I recently had a customer struggling with her service dog on the other side of the counter from where I stood. She was a shopper at the retail store where I work.
"Get down!" she barked impatiently, a note of desperation in her voice. "Sit!" "Be still!"
I felt for the dog, a large black labrador retriever, and wondered whether impatience and inconsistency on the part of his handler was perhaps a cause rather than an effect of the dog's failure to satisfy her service needs. I inquired--gently enough, I hope--where she had gotten him and whether she had received adequate support.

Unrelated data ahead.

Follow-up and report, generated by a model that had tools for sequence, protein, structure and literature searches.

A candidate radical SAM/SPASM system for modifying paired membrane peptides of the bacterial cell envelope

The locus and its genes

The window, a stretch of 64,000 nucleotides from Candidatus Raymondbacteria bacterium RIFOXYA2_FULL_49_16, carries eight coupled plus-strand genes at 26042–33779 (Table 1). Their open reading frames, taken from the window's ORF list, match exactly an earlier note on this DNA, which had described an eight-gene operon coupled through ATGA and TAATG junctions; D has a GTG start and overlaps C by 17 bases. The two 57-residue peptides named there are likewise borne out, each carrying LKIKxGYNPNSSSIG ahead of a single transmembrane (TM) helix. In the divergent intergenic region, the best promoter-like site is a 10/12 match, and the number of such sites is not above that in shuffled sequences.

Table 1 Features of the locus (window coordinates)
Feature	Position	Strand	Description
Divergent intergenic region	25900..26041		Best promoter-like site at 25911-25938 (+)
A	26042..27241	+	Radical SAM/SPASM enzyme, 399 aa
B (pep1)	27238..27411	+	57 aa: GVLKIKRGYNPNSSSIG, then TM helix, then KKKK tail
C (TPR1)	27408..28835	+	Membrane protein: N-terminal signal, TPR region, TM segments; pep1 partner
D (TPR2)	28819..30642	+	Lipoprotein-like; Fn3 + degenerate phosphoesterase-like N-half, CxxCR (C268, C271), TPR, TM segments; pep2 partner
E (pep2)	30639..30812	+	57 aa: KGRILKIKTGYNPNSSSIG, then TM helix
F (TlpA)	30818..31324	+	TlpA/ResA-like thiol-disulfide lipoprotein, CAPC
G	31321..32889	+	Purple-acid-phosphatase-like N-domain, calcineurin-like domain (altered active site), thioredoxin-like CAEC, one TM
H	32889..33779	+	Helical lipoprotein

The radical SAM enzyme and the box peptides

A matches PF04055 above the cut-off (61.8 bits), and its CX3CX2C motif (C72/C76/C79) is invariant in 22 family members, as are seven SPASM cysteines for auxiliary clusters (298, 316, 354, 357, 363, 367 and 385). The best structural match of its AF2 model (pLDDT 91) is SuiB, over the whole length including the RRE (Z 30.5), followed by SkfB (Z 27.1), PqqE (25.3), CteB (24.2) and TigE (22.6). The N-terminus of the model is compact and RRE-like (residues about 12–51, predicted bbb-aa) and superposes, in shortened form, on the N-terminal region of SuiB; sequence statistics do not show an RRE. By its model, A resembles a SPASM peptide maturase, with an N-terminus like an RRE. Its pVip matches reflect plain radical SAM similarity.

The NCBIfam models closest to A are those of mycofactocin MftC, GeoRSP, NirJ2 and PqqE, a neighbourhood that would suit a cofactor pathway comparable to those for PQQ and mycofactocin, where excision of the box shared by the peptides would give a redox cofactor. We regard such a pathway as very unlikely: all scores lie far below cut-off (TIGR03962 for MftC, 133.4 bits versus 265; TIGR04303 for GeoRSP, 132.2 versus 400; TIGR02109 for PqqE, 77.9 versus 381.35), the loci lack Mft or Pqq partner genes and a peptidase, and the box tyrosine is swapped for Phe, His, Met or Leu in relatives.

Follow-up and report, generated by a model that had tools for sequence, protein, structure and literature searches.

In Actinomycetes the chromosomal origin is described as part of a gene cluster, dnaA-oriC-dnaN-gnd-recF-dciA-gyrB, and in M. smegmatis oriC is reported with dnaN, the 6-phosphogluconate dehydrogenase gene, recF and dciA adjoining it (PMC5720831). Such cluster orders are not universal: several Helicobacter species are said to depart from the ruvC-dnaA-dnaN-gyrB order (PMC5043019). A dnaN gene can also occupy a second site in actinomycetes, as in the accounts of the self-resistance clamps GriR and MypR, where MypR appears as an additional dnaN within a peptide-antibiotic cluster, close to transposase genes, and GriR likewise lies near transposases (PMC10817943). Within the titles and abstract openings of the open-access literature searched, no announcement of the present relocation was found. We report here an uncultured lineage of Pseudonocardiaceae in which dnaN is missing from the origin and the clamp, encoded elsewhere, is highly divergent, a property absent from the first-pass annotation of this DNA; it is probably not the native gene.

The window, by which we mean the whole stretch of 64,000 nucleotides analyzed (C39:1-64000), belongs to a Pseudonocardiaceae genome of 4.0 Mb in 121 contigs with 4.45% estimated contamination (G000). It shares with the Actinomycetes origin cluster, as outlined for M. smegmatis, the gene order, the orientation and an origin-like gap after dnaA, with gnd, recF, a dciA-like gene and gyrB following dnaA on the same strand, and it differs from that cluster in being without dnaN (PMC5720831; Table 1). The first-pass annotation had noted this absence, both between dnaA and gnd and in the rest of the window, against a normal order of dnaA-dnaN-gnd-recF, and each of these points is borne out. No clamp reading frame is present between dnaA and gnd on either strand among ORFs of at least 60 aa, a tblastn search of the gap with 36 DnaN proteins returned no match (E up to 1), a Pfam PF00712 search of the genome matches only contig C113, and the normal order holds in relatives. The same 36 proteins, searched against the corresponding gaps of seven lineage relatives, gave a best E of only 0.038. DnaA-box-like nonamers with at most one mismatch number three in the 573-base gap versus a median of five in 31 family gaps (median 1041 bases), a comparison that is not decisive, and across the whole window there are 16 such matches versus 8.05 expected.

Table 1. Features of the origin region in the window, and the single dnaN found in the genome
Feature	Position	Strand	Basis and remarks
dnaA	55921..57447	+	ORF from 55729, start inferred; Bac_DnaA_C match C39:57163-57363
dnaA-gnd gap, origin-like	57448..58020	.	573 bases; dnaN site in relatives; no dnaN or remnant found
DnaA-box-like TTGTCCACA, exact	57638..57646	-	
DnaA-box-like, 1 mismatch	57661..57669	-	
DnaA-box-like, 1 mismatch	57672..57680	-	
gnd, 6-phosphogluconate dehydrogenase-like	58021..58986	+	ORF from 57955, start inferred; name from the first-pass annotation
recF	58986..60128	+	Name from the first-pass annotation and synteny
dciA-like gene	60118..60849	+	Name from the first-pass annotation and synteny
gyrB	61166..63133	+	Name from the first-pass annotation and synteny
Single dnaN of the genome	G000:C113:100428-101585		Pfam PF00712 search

"Oh yes," they were plenty helpful, she said. Then she blossomed with praise for him.
"He's been a wonderful dog." He just wants to play and that's why he can be hard to handle sometimes, she said.
Then she said, "He was already taken back to them once, but I'm not going to give up on him."
Giving up on someone is one thing. Trying to force them to be something they're not is another. How many times have we tried to manipulate someone into acting a role that's not right for them? How many times have we done that to ourselves?
We need plumbers as well as doctors. We need janitors as well as accountants. We need outspoken, opinionated people as well as quiet, cooperative ones. And we need friends as well as lovers.
For a service dog provider or recipient either one to force a dog into that role is wrong. Get another dog, and let this one go play with the kids.